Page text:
Having enemies both at home and abroad, the Royal Citadel was marked by an unusual feature with guns pointing both out to sea and inland towards the city.
The earliest record of cargo leaving Plymouth dates from 1211, and for the next two centuries trade through Plymouth flourished, particularly during the 100 Years War with France.
During the second world war large parts of Plymouth were destroyed, but lots of the Barbican area survived with its interesting mediaeval streets and Tudor Dwellings.
There were many other groups of settlers who set sail for different parts of the New World – Australia, America, Canada and New Zealand, including convicts, among them the Tolpuddle Martyrs in 1834 who, having been fully pardoned, were back sooner than they had anticipated and who spent several nights in 1838 in the Dolphin Hotel here before returning to Dorset.
Pathe News In New Street you will find the 'Elizabethan House', a beautifully restored Captain's dwelling dating from 1548.
His new construction was a complete success and his use of joint masonry would become a template for the construction of other lighthouses throughout the world.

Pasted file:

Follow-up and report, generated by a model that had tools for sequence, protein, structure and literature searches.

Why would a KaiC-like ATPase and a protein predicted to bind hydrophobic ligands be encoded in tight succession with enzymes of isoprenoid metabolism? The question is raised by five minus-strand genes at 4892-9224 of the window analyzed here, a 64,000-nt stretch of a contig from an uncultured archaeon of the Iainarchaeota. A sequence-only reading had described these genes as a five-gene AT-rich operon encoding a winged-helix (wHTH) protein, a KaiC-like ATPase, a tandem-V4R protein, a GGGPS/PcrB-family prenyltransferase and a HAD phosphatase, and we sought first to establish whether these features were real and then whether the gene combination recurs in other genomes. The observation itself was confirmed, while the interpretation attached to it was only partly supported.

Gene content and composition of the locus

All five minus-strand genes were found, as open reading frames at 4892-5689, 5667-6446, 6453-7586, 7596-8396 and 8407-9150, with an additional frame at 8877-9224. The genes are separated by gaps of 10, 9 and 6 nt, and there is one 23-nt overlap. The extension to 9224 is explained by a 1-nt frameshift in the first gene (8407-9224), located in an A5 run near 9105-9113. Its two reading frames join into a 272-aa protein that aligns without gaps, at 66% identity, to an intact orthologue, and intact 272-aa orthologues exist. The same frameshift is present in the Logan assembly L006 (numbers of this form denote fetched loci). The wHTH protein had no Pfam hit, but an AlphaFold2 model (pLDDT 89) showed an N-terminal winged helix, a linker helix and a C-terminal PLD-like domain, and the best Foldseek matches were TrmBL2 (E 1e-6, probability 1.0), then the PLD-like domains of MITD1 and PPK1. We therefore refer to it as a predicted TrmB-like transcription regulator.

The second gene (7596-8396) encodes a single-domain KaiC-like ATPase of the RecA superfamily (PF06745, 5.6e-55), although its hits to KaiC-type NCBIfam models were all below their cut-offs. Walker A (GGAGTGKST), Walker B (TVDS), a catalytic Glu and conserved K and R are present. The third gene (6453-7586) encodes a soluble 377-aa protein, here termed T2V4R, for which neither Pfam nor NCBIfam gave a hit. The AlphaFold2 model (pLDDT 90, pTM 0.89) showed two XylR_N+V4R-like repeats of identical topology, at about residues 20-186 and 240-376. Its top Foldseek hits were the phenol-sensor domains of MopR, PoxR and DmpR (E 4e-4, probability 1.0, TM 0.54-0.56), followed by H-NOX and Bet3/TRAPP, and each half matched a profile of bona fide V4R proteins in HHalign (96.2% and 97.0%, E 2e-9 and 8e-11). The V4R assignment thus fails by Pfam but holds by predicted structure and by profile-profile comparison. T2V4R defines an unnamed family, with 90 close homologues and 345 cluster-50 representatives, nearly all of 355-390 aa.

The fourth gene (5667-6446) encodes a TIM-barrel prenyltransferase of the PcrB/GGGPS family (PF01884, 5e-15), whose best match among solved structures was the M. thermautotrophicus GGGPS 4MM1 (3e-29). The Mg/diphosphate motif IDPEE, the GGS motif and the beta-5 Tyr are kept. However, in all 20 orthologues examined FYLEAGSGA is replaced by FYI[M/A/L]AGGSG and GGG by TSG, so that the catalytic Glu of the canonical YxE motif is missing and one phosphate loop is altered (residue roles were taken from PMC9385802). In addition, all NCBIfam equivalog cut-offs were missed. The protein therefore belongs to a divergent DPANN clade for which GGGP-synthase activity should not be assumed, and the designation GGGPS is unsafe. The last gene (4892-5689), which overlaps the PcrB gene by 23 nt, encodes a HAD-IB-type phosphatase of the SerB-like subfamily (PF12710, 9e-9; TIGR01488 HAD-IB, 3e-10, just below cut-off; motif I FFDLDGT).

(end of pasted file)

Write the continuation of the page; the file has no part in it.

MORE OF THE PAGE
Indeed, Smeaton's Tower would still stand on Eddystone's Rock were it not for the fissures in the rock caused by the undermining of the sea.After a sound 127 years of service, Smeaton's Tower had become a landmark dearly loved by Plymouth's residents.Although new technology had now superseded Smeaton's Tower, in 1882 Plymouth's locals raised funds to have it dismantled and re-erected on Plymouth's Hoe – a testament and a tribute to Smeaton's engineering brilliance.Old Photos of Plymouth Plymouth Hoe provides a great, relaxing view-point to watch ships sail in and out of Plymouth Sound,with views out to Drake's Island, Mount Batten, Mount Edgecumbe Park and the Eddystone Lighthouse. Also located within the Plymouth Hoe is Smeaton's Tower a world famous lighthouse.Built in 1759, Smeaton's Tower was the fourth tower to guide ships safely through Plymouth's port.In the house, you can see the original windows, spiral staircase winding around an old ship's mast. Based in Southside Street on the historic Barbican,it was operating at least as long ago as the 16th century, and was open when Sir Francis Drake played bowls on Plymouth Hoe before turning his attention to the Spanish Armada.